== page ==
by Derek Gilna
In May 2017, the City of New York agreed to pay $1.2 million to two female prisoners to resolve claims of rape and sexual assault by a male guard at the city’s Rose M. Singer facility on Rikers Island. Rikers, one of the nation’s largest jail complexes, which houses almost 10,000 prisoners, has been the subject of repeated investigations for corruption, violence, excessive force, poor medical care and security-related violations.
Preet Bharara, the former U.S. Attorney for the Southern District of New York, had previously criticized Rikers for its “Lord of the Flies”-like setting, and the complaint filed by the female prisoners cited a “pervasive culture of rape and other sexual abuse.”
According to a statement issued by New York’s legal department, “The city is committed to protecting inmates entrusted to its care from sexual abuse and has implemented numerous reforms in this regard. We have reached a settlement in principle that is in the best interest of the city.”
The unexpected settlement agreement just before trial left Rikers guard Benny Santiago as the only remaining defendant. His attorney, Liam Castro, expressed surprise, stating, “We frankly didn’t expect for the city to bail on us at the eve of trial.”
Both prisoners accused Santiago of raping them multiple times while they were held at Rikers. One of the women said the jailer had sexually assaulted her “as many as four times a week,” and tried to intimidate her into compliance by threatening her family members.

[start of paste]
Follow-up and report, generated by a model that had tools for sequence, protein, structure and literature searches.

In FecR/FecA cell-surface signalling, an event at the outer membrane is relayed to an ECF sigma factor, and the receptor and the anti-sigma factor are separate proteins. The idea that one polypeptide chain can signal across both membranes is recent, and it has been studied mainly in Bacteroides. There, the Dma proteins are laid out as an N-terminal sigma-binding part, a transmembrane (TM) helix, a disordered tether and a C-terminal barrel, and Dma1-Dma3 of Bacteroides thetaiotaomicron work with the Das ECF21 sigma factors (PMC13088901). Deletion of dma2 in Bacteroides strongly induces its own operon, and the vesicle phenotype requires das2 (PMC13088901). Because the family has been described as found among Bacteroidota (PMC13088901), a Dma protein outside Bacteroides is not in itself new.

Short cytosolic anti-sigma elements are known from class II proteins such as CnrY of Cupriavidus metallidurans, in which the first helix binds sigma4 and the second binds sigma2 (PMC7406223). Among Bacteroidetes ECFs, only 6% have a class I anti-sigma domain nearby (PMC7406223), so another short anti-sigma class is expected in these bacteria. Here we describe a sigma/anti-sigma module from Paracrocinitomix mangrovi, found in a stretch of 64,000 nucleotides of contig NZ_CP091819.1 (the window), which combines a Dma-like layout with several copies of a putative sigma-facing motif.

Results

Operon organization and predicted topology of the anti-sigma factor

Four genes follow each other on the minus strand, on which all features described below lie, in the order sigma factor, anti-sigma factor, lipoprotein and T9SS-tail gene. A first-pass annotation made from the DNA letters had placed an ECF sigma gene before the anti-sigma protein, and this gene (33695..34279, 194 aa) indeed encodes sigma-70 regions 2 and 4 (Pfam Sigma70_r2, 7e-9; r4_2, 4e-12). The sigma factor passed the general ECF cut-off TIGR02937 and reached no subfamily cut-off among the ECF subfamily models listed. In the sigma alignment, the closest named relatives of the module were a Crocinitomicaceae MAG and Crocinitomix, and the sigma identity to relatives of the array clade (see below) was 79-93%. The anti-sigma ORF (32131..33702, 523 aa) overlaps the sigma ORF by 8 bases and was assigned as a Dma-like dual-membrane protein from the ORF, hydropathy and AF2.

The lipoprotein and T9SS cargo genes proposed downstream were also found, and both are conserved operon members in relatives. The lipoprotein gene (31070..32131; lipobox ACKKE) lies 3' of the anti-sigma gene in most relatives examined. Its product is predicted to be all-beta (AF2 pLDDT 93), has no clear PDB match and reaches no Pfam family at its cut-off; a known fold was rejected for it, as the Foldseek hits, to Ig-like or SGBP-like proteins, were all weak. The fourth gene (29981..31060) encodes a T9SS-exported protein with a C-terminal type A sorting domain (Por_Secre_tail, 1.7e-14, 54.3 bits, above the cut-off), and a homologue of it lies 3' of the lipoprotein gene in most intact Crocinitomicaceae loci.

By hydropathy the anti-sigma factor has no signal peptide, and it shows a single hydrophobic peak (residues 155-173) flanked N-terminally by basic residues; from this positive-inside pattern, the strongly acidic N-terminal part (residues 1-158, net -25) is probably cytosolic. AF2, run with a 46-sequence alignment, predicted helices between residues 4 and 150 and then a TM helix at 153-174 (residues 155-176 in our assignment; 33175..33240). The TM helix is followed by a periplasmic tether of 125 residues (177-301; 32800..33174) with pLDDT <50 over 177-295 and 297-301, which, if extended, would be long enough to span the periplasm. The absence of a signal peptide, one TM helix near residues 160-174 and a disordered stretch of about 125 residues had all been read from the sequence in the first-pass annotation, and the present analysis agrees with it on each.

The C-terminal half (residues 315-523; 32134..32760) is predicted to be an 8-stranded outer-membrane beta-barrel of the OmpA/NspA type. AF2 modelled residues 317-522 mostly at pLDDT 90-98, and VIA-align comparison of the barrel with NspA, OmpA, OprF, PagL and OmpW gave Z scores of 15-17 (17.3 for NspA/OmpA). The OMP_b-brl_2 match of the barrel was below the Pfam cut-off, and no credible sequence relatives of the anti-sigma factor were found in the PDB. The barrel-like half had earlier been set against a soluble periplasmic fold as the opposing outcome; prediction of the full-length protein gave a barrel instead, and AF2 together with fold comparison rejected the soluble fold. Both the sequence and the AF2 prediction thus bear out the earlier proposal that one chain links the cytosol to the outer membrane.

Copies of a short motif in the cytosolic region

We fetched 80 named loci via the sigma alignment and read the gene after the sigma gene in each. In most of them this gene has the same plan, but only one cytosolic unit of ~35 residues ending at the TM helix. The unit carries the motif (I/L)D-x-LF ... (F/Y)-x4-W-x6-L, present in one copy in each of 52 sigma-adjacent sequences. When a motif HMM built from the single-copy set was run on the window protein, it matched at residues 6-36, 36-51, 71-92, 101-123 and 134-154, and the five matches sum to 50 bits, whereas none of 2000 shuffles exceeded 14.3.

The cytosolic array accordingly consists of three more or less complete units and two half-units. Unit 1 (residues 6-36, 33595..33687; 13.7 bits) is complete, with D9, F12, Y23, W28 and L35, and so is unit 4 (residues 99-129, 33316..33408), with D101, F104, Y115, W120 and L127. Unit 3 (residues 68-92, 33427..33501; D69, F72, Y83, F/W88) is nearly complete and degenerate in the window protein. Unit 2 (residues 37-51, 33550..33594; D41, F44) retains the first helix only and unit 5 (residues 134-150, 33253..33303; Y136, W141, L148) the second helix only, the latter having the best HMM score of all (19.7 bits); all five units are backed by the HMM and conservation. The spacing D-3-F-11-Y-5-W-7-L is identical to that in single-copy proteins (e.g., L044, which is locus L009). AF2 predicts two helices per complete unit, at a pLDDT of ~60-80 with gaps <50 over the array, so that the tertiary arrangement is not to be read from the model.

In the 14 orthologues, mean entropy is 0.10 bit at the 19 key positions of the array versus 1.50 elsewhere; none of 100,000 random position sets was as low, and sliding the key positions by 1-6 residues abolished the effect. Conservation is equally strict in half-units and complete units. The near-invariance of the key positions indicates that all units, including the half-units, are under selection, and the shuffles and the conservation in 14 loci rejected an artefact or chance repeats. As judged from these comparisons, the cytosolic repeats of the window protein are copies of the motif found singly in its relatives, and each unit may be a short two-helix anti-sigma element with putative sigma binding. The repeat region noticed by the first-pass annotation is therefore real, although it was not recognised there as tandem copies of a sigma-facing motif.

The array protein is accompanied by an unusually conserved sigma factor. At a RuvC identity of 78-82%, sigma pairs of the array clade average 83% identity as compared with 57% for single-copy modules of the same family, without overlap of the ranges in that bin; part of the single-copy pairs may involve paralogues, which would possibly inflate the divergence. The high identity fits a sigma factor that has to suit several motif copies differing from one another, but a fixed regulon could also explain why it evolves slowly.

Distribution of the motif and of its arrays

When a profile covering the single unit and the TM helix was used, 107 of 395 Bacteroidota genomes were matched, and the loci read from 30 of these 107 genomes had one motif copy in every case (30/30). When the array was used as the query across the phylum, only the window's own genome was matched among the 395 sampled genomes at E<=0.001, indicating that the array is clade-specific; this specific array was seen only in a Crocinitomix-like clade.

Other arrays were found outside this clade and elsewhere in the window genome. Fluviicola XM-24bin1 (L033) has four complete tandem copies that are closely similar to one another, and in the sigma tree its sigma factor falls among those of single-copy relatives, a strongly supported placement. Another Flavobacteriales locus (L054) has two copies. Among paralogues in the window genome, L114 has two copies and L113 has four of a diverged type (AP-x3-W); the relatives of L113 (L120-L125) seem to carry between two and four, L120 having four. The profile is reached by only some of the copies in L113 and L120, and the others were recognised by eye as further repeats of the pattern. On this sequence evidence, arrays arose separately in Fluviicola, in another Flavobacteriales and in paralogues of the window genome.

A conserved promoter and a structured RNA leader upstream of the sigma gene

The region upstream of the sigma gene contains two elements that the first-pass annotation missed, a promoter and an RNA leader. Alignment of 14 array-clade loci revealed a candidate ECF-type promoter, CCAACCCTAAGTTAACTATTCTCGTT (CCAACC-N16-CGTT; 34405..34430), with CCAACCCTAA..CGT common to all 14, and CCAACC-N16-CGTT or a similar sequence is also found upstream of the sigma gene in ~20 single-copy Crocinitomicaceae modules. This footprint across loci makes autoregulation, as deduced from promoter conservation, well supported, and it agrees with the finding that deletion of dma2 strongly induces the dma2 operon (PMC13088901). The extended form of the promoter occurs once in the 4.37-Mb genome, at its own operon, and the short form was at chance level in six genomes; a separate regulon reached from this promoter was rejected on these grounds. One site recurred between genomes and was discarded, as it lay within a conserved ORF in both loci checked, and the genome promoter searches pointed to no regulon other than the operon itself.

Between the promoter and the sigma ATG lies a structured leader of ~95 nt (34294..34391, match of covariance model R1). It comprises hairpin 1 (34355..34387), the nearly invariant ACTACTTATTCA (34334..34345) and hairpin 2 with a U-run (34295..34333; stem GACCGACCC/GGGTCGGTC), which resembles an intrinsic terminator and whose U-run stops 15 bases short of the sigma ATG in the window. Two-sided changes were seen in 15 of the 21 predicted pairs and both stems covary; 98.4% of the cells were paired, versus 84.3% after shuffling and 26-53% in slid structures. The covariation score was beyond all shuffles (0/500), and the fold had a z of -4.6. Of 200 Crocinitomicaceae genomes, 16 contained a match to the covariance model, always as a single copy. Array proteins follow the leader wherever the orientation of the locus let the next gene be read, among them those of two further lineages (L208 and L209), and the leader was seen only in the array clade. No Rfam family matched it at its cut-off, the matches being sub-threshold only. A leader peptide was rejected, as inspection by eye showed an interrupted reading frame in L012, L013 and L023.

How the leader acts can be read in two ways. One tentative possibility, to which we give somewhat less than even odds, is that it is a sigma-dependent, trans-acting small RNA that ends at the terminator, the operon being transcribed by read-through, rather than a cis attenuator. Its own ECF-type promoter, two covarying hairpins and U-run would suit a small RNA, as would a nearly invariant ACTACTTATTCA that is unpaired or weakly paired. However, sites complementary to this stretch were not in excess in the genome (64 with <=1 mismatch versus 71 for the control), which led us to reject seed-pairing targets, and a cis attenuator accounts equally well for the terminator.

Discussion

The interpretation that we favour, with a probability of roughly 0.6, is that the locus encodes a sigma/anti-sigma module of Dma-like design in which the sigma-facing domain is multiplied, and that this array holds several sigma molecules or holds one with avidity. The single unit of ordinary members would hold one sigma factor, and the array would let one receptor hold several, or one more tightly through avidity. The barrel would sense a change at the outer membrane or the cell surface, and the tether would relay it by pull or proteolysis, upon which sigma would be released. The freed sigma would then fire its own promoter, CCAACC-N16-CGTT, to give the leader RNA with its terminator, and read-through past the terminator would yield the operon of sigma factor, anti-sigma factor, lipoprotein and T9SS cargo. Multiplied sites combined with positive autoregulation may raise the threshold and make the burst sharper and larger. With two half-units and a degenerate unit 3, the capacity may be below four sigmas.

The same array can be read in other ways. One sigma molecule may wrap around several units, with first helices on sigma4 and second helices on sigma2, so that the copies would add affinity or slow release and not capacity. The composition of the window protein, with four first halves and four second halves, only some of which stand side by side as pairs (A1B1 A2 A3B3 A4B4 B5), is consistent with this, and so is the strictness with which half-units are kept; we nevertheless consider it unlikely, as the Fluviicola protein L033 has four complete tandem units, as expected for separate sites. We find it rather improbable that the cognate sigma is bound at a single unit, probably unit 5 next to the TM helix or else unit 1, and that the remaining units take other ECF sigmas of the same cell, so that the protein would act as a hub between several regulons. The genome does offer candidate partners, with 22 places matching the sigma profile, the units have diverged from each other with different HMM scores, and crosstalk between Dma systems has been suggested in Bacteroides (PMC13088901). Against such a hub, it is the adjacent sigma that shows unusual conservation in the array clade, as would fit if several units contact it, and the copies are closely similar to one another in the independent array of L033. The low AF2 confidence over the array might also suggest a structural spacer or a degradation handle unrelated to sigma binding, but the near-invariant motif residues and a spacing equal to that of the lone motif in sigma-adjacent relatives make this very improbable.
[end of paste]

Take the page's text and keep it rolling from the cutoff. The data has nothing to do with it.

The other plaintiff claimed Santiago had threatened to place her in solitary if she reported his abuse, and accused city investigators of destroying evidence and covering up the guard’s wrongdoing. Her pretrial brief noted, “Of course, rape and sexual abuse (and providing drugs to inmates) are crimes. Yet, by conducting a sham investigation and omitting, misrepresenting, or refusing to turn over material evidence that supported [her] allegations that those crimes took place, [investigators] ensured that [they] lacked sufficient information to pursue any action against Santiago.”
A separate settlement was reached with Santiago for an undisclosed amount; he was not criminally charged, and reportedly still works at Rikers but has no contact with prisoners.
Federal judge Alvin K. Hellerstein had previously denied class-action status in the lawsuit brought by the two prisoners, who were identified as Jane Doe 1 and Doe 2. They were represented by the Legal Aid Society and the law firm of Cleary Gottlieb Steen & Hamilton. See: Doe v. City of New York, U.S.D.C. (S.D. NY), Case No. 1:15-cv-03849-AKH.
Sources: www.courthousenews.com, www.usnews.com, www.nytimes.com
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